I was in the rare position of being in the passenger seat and having my smartphone to hand for photos. It was also not raining, snowing or foggy.

It's known as the Aston Rowant Cutting on Natural England's citation, and it is protected for the following reasons:
A stratigraphically important site providing the best Coniacian section in central England, part of the Upper Chalk succession. Above the Chalk rock exposed at the base of the cutting there is a late Turonian to basal Coniacian section of coarse grained nodular chalk, extremely rich in fossils and important in defining the boundary between Turonian and Coniacian age rocks.
It's late Cretaceous, containing a number of marine organisms.

It would be lovely to explore, but I imagine the combination of the SSSI and its location next to one of the busier motorways in the UK makes it fairly inaccessible.

However, with views like this, and such impressive chalk geology rising up on both sides, I'm content to drive through it every few months.

Sunday, 5 August 2012

A Letter To Sir David Attenborough

Dear Sir David,

I've heard that you said you didn't think you influenced people to study science, and my first reaction was sadness that you were unaware of just how special your work has been. You have been a constant in my life, and I am so fond of you, though I have only met you briefly to ask a question after a talk.

When I was about eight years old, my grandmother bought me a video. It was a double bill of the Wildlife On One episodes "Meerkats United" and "The Impossible Bird". Of the videos we had (cartoons, films, television programmes), it was this that had the most plays. And you were the narrator. You narrated my television-watching experiences well into adulthood. Every BBC wildlife special, "The Trials Of Life", "The Private Life Of Plants" - you were there, on screen or your disembodied voice.

You were one of the many adults who shaped my love of the natural world. You stand shoulder-to-shoulder with my parents, grandparents and a select few teachers. And I followed you to Cambridge. I studied Natural Sciences, and focused on Geological Sciences. You and I adorn the same corridor outside the teaching labs, as members of the Sedgwick Club many years apart.

You have extended my appreciation for living things beyond the obvious. "Life In The Undergrowth" has made me appreciate invertebrates - I was quite keen on the fossils, but since seeing your series I have been persuaded to get up close to spiders, cockroaches and scorpions, and I now keep two giant African millipedes in my lab. Perhaps some of your "Life In Cold Blood" is the reason why my husband and I own a leopard gecko who brightens up our lives.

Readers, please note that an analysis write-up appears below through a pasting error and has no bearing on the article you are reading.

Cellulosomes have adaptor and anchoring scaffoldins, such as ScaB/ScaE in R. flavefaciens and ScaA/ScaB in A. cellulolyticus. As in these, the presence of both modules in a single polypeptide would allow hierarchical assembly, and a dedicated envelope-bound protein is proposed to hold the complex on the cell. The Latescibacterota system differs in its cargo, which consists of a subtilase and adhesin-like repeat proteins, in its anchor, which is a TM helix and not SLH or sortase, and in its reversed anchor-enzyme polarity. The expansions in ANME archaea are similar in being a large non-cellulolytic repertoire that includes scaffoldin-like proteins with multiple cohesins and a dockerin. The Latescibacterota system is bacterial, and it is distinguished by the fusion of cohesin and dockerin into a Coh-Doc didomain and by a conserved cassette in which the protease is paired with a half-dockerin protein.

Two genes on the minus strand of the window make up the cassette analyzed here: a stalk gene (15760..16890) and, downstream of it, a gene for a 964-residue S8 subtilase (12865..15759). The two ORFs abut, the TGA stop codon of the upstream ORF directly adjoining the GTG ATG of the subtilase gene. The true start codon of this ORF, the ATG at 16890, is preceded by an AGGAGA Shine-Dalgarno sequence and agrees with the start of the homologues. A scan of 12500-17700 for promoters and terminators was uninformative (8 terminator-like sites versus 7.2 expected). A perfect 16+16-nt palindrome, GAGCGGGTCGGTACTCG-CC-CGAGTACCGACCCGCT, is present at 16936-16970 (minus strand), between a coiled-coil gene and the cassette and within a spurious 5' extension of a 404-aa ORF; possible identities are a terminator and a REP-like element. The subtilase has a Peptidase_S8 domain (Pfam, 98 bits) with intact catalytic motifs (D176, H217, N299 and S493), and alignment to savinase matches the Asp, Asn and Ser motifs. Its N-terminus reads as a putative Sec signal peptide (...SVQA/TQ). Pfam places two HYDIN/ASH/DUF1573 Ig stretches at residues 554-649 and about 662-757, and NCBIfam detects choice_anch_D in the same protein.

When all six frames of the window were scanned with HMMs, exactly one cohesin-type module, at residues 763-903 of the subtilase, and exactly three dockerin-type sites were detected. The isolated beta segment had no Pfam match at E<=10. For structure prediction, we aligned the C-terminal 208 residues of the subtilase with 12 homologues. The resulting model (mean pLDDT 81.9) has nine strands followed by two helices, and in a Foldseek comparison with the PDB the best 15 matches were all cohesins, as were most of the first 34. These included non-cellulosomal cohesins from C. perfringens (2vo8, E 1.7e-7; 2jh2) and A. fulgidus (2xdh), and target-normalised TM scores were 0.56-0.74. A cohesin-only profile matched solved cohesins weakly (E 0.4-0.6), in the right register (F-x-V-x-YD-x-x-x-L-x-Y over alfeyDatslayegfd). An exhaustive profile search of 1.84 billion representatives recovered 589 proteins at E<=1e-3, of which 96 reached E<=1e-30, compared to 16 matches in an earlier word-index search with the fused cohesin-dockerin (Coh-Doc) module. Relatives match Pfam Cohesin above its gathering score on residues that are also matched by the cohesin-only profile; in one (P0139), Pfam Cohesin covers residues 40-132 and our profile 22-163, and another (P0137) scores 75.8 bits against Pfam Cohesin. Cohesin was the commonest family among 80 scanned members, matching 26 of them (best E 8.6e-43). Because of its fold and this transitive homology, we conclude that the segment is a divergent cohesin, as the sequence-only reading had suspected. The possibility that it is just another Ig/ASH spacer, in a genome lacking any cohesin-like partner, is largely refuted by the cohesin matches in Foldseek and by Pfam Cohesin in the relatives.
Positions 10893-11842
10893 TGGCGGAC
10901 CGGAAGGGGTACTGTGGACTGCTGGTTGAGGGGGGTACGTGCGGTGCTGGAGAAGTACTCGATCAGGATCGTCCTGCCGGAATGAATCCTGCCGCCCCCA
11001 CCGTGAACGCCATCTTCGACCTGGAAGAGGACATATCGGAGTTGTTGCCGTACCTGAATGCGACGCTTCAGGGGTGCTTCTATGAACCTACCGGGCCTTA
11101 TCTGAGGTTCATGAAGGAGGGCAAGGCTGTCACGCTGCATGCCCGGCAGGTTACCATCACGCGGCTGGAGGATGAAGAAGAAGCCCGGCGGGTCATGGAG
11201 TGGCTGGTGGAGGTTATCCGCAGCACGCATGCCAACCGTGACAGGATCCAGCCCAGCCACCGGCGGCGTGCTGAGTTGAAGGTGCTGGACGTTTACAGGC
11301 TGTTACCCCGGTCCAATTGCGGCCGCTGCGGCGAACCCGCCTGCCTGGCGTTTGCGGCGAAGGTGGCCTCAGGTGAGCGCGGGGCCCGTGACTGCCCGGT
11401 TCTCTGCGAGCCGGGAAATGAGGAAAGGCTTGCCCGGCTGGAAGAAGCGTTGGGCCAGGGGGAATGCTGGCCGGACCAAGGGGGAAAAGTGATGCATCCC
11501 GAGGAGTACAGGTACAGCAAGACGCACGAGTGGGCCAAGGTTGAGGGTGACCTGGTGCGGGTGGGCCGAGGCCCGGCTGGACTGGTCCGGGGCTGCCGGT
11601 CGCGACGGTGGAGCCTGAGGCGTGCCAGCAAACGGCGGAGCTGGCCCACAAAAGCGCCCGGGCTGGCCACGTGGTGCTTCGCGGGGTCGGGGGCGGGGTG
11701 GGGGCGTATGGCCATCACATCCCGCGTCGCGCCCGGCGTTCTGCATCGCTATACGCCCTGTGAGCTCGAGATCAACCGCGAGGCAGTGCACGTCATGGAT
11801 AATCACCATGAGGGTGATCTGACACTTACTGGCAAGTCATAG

Now I am a teacher. I pass on that awe to my students. You help me to do that. You teach my AS students how the juvenile basilisk lizard uses the surface tension of water to its advantage. You explain thigmotropism to the A2 and BTEC classes. At the Natural History Museum you demonstrated to AS and A2, with more grace and patience than I have, our origins. You helped me to show a GCSE class the intense physical cost of attracting a mate through your filming of birds of paradise. In developing the entire genre of wildlife and nature documentaries, your legacy will continue to educate children and adults long after you and indeed I have entered the carbon cycle.

What amazes me the most is that, well into your eighties, you still find something new and exciting to look at. You show awe, wonder, delight at whatever you see. Your enthusiasm is infectious. It encourages me to show my own delight and enthusiasm, because that is what I remember from your teaching, and I remember how engaging that was.

You inspired me in my studies of science. You inspire my teaching of science. You will inspire future generations to love science.

With much love,

Julia Heathcote Anderson

For more details of the "Letters to Sir David Attenborough" campaign, have a look at their website, or their Twitter account.

Wednesday, 1 August 2012

Summer Homework 4: Saving The World

Is there any point trying to save the Earth? Describe arguments for and against environmentalism, and offer your conclusions on the fate of the human race.
The Earth has been through some interesting times in its 4.54Ga history. There is evidence that it was covered in ice at various points (though the extent of this ice is somewhat debated still), and that there were times when it was a really crap place to live, such as the Paleocene-Eocene Thermal Maximum. Life on Earth has been through a number of mass extinctions, most notably the Permian-Triassic extinction, resulting in the obliteration of 90% of marine species.

Marine extinction intensity, from Wikipedia

Species have appeared and disappeared. More than 99% of all species that have ever existed on the Earth are extinct. Big deal.

The climate has changed - though we are talking about global warming, we are in a much colder period now than many periods in the past. It has been both warmer and colder than this in the Phanerozoic eon alone. So who's to say that this hasn't all happened before? In fact, the idea of a "resilient Earth" is used frequently as an argument against anthropogenic global warming.

Phanerozoic climate change, from Wikipedia

And yet this is not a comforting state of mind to have. Species go extinct, climate changes, all over geological time scales - that is, over millions of years. Historically, climate has changed sufficiently slowly as to enable species to migrate or facilitate adaptation and evolution. Local changes may be rapid, but global changes are slower (notwithstanding bolides, large-scale volcanism, and so on). What's happening at the moment is faster than we've seen before.

Hockey stick curve, from IPCC 3rd Annual Report